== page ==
In one of my recent articles (Of skills, talents and gifts) I wrote the following:
“I don’t believe that our gifts have an expiry date. Clearly, as we get older, it is more difficult. Sadly, most of us consider the idea of re-engaging our gifts or our passions as impractical.”
It doesn’t need to be that way!
Mitigating circumstances aside, it’s never too late to embrace our passions.
Years ago, I taught guitar lessons to about 60 students. Most of the students were pre-teens. The others ranged in age from 13 to 70. Often, the parent of one of the younger students would tell me how they had always wanted to play the guitar, piano, or some other instrument. I would offer to teach them but they would all inevitably say the same thing; thanks but I am just too old to start playing an instrument now. Some of these parents were in their 30’s!
It’s never too late to embrace our passions. Whether it’s playing an instrument, taking up a sport or perhaps even going back to school to study a subject that has always fascinated you, it’s never too late. Engaging any of these will exercise your brain and create new neural pathways. This is beneficial to all areas of your life. In short, it makes you a sharper you and I believe it makes you a happier you!
Suppose it’s the guitar you want to play. If your hands are willing, you can do it. If all you want is to be able to strum some songs that you can sing along too, with a bit of dedication and half an hour a day of practice, you can achieve that in about 3 to 6 months. If you want to play the blues and improvise a bit, it will take a bit longer. If classical music is your thing, it will take longer still, but you can do it. If your hands are in some way compromised, you may still be able to do it. Consider Django Reinhardt. A brilliant guitar player, he is considered one of the most renowned jazz guitarists of all time largely due to his unique and distinctive style of playing. You see, due to severe injuries suffered in a house fire, he played using only two fingers.
What about sports? Maybe you wanted to take up martial arts or golf. It’s never too late. Sure, you may never become Bruce Lee or Tiger Woods, but you can do it. Just be the best you can be!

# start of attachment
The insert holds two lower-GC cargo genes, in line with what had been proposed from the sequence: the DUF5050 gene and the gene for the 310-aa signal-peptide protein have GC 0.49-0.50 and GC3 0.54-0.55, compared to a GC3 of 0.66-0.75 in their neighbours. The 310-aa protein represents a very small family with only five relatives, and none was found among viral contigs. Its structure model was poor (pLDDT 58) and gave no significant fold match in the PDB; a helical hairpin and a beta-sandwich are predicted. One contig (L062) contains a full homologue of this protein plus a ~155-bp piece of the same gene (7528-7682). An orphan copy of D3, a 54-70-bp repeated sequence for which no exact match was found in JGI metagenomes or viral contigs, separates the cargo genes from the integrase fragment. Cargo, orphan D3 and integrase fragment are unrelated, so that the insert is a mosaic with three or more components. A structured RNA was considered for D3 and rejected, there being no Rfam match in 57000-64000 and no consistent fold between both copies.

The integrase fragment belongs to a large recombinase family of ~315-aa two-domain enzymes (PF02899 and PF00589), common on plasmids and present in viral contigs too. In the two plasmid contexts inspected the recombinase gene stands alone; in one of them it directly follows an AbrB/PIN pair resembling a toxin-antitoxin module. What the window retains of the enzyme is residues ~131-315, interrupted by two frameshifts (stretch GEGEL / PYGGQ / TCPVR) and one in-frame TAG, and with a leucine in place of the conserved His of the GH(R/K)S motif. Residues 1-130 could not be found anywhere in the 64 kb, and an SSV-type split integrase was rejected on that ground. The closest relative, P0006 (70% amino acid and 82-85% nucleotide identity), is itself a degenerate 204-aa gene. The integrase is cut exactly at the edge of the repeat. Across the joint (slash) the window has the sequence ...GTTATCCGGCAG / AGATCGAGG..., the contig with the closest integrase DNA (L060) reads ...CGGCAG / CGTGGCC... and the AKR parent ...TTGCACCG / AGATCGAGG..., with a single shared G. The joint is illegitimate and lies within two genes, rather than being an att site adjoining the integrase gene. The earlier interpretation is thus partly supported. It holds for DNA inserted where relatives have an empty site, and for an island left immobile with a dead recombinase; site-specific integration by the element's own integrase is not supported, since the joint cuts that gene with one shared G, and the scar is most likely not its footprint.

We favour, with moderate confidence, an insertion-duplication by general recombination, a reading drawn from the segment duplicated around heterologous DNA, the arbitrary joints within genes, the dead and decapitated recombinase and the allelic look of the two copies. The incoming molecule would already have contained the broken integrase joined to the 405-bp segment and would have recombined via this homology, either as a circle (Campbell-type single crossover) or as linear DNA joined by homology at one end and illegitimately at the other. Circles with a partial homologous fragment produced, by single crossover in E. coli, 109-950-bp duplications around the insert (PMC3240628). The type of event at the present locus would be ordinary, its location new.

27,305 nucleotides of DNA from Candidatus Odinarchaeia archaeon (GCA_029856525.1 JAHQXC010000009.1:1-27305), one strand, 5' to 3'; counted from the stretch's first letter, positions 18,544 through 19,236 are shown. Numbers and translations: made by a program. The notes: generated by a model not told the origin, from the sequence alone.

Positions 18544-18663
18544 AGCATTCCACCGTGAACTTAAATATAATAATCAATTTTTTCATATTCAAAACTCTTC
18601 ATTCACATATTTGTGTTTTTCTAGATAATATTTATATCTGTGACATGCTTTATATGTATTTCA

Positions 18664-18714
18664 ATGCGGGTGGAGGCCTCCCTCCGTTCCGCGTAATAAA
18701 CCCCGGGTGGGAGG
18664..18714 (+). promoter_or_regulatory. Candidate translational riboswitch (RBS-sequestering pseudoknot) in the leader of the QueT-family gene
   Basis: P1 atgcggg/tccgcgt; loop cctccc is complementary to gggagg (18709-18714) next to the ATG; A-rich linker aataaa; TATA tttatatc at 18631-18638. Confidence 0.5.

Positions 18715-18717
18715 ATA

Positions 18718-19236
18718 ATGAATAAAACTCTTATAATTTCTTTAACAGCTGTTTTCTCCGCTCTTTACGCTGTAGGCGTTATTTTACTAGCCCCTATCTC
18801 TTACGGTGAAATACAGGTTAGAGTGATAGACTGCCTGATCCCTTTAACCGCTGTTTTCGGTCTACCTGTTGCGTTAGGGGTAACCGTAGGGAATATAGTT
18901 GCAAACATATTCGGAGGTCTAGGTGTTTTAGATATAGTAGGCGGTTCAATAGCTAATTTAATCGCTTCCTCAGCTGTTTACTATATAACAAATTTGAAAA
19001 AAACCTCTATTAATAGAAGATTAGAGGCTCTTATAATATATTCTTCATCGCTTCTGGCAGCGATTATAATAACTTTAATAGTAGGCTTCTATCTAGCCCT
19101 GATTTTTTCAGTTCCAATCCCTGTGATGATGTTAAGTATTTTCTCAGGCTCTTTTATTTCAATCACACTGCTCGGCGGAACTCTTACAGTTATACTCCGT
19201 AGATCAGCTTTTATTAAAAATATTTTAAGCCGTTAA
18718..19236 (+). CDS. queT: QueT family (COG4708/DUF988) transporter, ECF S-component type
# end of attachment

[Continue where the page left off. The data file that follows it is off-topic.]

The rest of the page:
If you have read some of my other articles then you know that I started karate at 47 with a back that’s prone to injury and two bad shoulders. Was it easy? No. Was it worth it? Yes! I am in the best shape of my life and doing things I didn’t think possible. Was I able to do this because I am gifted in this area? No. I was able to do it because I believed that I could do it.
I once played a round of golf with a woman in her mid sixties. She had some upper back issues that only allowed her to take a half swing. Though shorter in distance due to this handicap, every shot she took was straight up the middle of the fairway. She finished the round 8 strokes over par. I finished 22 over par. She had learned later in life to play a game she loves to the best of her abilities. She told me after the game that she was the captain of a sizable woman’s golf team. Clearly, she is an inspiration to her teammates, a fine example that we can all achieve our dreams if we will but try.
If pursuing education is your dream, it’s never too late. Phyllis Turner, a 94-year-old great-great-grandmother who left school at the age of 12, may be the world’s oldest recipient of a Master’s degree. Or consider Nola Ochs, who at age 90 in 2004 received a journalism degree from the University of Oklahoma. Then of course, there is Steven Hawking. Though afflicted with Spinal Muscular Atrophy, he nonetheless is one of the most brilliant theoretical physicists who has ever lived. Age and/or disability do not have to stop us from reaching for our dreams.
It’s never too late to embrace your passions. Here are some ideas to help you get there:
- Find a good teacher who will motivate and inspire you.
- Beware of teaching methodologies intended to keep students for a long time. These are often designed to line the pockets of the institutions that offer them at the expense of the student’s progress, and wallet! Do your homework. Talk to teachers and students, ask many questions and make informed decisions.
- Set little goals and build on them. If it’s music, play one good note and build from there. If it’s golf, hit one straight drive. Soon you will hit two, then three.
- If a guitar is simply too difficult for you to get your hands around, try a mandolin, a banjo, or a ukulele. You could even consider a bowed instrument like a cello.
- If karate and kung fu are too demanding on your body, try tai chi. There are many forms of martial arts to choose from.
- Don’t let early failures defeat you. Playing a stringed instrument requires that you develop little calluses on the tips of your fingers. It also requires the development of some new motor skills. Persevere! In short order, you will develop those calluses and motor skills.
- Don’t let a little pain stop you. Your first sports activities will cause muscle soreness. This will pass. You will get stronger and you will improve your skills!
- Don’t be afraid to steer a new course. If you take up guitar and 6 months later realize that the flute is really what inspires you, shift gears and play the flute. If you started studying anthropology but discover that archeology is far more interesting to you, then move in that direction.
I wish you all the very best as you embrace your passions! If you have additional thoughts or can think of individuals who have overcome obstacles to achieve their dreams, please leave a comment and let us know.
Tai Chi Young and Old © Peter Harrison – Wikimedia Commons
Steven Hawking Star Child © Public Domain – Wikimedia Commons
Originally posted at synaptici.com September 4th, 2009